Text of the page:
After Ansar al Shariah members attacked the U.S. Embassy in Tunis in 2012 and assassinated two secular politicians this year, the government designated the group as a terrorist organization in August. But Tunisian and Western officials and parents of jihadists fighting in Syria said the move was insufficient.
"Ansar al Shariah seemed to be doing peaceful activities at first. However, [the Interior Ministry] says they recruited young men, so that's why all activities of Ansar al Shariah were banned," said Yusra Ghannouchi, an Ennahda spokeswoman.
Ms. Ghannouchi said Tunisia's radicalization problems happened after the 2011 revolution when mosques fell into extremists' hands. "Everything is blamed on Ennahda, but we should talk about the whole government's [performance]."
But Ennahda has had trouble getting party members to back the terror designation.
"Under Western pressure, the government has labeled Ansar al Shariah a terrorist organization," said Habib al Lawz, a prominent Ennahda parliamentarian, who doesn't support the designation. But "if young Tunisians feel that they are oppressed, they'll just go to the training camps of Libya."
Mr. Al Lawz was accused of encouraging young Tunisian jihadists, telling a newspaper this year that "If I were younger, I would have gone to fight in Syria." He said the remarks were taken out of context.
After the country's revolution, many of the country's roughly 5,000 government mosques—which were tightly controlled under the dictatorship of Zine el Abidine bin Ali —fell into Ansar al Shariah's hands. Today, just 50 or so mosques remain out of government control, said Minister of Religious Affairs Nourredine Khadmi.
Before his ministerial appointment, Mr. Khadmi was a firebrand preacher at a mosque in downtown Tunis, accused by critics and secular opponents of encouraging Tunisians to fight in Syria.
In an interview, the minister said he never encouraged jihad.
"There's no clear political decision to fight terrorism by the government," said Montassar Materi, who represents Tunisia's unionized security forces.
"There are charities and mosques that have exploited the existence of Ennahda in power to recruit young Tunisians. Even Ennahda members admit openly their support for jihadists in Syria," said Montassar Materi, who represents Tunisia's unionized security forces.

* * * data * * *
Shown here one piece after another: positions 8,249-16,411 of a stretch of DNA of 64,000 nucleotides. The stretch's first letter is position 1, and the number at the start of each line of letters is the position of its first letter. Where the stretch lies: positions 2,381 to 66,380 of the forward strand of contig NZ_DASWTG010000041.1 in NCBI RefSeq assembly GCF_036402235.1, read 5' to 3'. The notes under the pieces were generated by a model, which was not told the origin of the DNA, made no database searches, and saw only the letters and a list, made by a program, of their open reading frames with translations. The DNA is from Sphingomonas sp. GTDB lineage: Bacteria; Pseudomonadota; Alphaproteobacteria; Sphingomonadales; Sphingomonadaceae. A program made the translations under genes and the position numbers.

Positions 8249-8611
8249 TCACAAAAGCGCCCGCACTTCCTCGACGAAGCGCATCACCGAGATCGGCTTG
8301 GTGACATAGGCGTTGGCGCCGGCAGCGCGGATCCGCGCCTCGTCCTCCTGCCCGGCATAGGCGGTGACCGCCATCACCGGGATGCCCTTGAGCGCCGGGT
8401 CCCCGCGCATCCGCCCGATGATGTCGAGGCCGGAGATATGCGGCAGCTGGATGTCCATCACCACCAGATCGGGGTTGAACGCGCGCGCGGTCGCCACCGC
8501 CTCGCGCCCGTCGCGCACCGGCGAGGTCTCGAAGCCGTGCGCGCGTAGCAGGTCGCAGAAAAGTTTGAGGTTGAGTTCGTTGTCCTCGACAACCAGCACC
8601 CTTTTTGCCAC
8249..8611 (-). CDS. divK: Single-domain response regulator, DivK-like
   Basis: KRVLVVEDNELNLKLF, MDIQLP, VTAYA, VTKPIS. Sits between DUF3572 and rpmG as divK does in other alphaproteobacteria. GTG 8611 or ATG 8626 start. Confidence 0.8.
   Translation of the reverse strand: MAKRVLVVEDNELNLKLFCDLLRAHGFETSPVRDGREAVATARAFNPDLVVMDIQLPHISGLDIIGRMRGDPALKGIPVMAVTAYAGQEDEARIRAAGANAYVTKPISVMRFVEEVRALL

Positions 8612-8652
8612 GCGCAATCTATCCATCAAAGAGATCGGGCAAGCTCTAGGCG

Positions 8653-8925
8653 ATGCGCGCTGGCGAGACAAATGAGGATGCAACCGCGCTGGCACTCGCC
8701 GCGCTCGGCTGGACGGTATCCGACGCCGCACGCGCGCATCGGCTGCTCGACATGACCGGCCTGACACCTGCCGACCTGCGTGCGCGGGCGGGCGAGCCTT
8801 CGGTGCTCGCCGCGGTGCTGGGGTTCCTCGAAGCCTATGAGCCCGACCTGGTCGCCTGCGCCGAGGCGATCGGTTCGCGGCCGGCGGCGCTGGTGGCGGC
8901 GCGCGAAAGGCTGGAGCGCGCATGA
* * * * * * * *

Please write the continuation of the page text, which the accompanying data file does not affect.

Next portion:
Mr. Materi said the union in May gave the government a 10-point antiterrorism plan that included cracking down on the flow of jihadists to Syria, but said he never got a response. The Ministry of Interior didn't respond to requests for comment.
But for fathers who have lost sons to Syria's war, Mr. Khadmi symbolizes the government's unwillingness to crack down on jihadist recruiters.
In September, Sheik Bilal Sawaysh was given a three-month suspended sentence amid complaints from parents the preacher had radicalized their sons and sent them to fight in Syria. He couldn't be reached for comment.
For Toufic, the father of one jihadist he said Mr. Sawaysh recruited, the sheik got off too lightly. He said his son, Mohammed, was a top student finishing his master's degree in finance, but failed to show up for an exam in January. A few days later, he said, he received a text message from his son that read, "I'm in Syria performing my jihadist duties."
The rare times Mohammed called, the family pleaded with him to return, to no avail.
On Aug. 30, news of his son's death came just as it did to announce his arrival, via text message. "Mohammed is a martyr," read the message from a person who said he fought alongside Mohammed.
Toufic's son is buried in an unmarked grave in northern Syria.
This summer, Toufic and the father of another jihadist fighting in Syria pleaded with Rached Ghannouchi, Ennahda's leader, to clamp down on the jihadist network in the mosques, both fathers said in interviews.
"Ghannouchi said, 'When your son dies, 70 people will go with him to paradise,' " Toufic recalled, a common belief among jihadists that if they are martyred they can chose who enters heaven with them.
Mr. Ghannouchi's office denied the conversation took place or that the Ennahda leader would ever support jihad in Syria.
"I replied, 'Why don't leaders of Ennahda send your own sons then?' " Toufic said, at which point he said Mr. Ghannouchi's security told the men to leave.